Conservatives and liberals are both mad over the Senate’s mundane filibuster compromise. Liberals wanted the filibuster abolished or severely pared back, and conservatives didn’t want any reforms at all. Of course, the sides are exactly flipped from 2005, when it was Senate Republicans who threatened the “constitutional option.” Both sides are afflicted with short-termist thinking.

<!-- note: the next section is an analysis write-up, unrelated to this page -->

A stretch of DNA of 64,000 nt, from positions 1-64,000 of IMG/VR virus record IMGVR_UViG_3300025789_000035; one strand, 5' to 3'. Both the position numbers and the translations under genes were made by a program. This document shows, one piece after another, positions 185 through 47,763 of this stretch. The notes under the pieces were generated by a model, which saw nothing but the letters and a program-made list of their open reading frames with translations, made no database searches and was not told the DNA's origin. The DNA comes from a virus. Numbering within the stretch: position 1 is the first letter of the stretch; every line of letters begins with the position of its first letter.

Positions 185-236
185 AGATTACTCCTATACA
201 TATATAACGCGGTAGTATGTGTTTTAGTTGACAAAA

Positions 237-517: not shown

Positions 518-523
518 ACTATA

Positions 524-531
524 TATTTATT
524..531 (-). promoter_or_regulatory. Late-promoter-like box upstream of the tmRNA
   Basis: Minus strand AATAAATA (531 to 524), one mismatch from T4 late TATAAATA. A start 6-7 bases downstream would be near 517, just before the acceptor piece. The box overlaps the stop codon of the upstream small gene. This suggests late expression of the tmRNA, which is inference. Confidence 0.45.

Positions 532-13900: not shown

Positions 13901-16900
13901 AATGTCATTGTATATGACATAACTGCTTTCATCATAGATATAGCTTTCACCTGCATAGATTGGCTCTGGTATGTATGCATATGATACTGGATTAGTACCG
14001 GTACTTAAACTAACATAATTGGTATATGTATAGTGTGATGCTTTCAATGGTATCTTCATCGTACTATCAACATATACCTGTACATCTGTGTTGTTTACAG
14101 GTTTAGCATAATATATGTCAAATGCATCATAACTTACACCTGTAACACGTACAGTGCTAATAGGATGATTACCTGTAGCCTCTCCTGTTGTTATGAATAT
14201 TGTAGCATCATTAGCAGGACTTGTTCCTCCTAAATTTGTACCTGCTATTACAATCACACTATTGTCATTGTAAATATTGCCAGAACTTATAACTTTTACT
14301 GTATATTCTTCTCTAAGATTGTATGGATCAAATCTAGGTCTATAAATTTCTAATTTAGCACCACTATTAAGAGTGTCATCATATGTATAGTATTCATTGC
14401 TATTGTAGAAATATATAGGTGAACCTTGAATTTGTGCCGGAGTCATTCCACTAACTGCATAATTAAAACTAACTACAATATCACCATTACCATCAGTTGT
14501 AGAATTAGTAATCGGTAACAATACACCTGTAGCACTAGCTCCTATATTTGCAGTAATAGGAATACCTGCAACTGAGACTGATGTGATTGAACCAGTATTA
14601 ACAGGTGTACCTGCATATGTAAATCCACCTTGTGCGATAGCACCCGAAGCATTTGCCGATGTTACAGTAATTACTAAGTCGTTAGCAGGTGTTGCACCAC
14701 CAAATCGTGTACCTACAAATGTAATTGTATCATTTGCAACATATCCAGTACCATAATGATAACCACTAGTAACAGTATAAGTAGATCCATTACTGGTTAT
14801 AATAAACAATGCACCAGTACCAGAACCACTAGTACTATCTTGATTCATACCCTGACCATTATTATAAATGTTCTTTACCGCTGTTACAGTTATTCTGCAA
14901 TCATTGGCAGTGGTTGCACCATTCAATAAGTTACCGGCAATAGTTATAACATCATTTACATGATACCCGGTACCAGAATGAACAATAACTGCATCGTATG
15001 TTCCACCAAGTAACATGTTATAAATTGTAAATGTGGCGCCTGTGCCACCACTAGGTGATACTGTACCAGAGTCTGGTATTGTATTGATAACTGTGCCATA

Abolishing the filibuster is the long-term desirable thing to do. Gaping holes in the federal judiciary and the arcane monstrosity that is the federal tax code owe their existence to the filibuster and the immense status-quo bias in the U.S. Congress. Sure, bad things would get through if the filibuster were abolished. Obamacare was only enacted because Dems briefly held a filibuster-proof majority in the Senate. But the country is now facing severe problems across the board, from taxation to debt to health care to virtually unsupervised regulatory agencies. We need radical, comprehensive policy surgery, not more insanely complex, achingly tentative, compromise procedures that allow the infections in the national political economy to fester further. Abolish the filibuster and, while we’re at it, the presidential veto (amend the Constitution).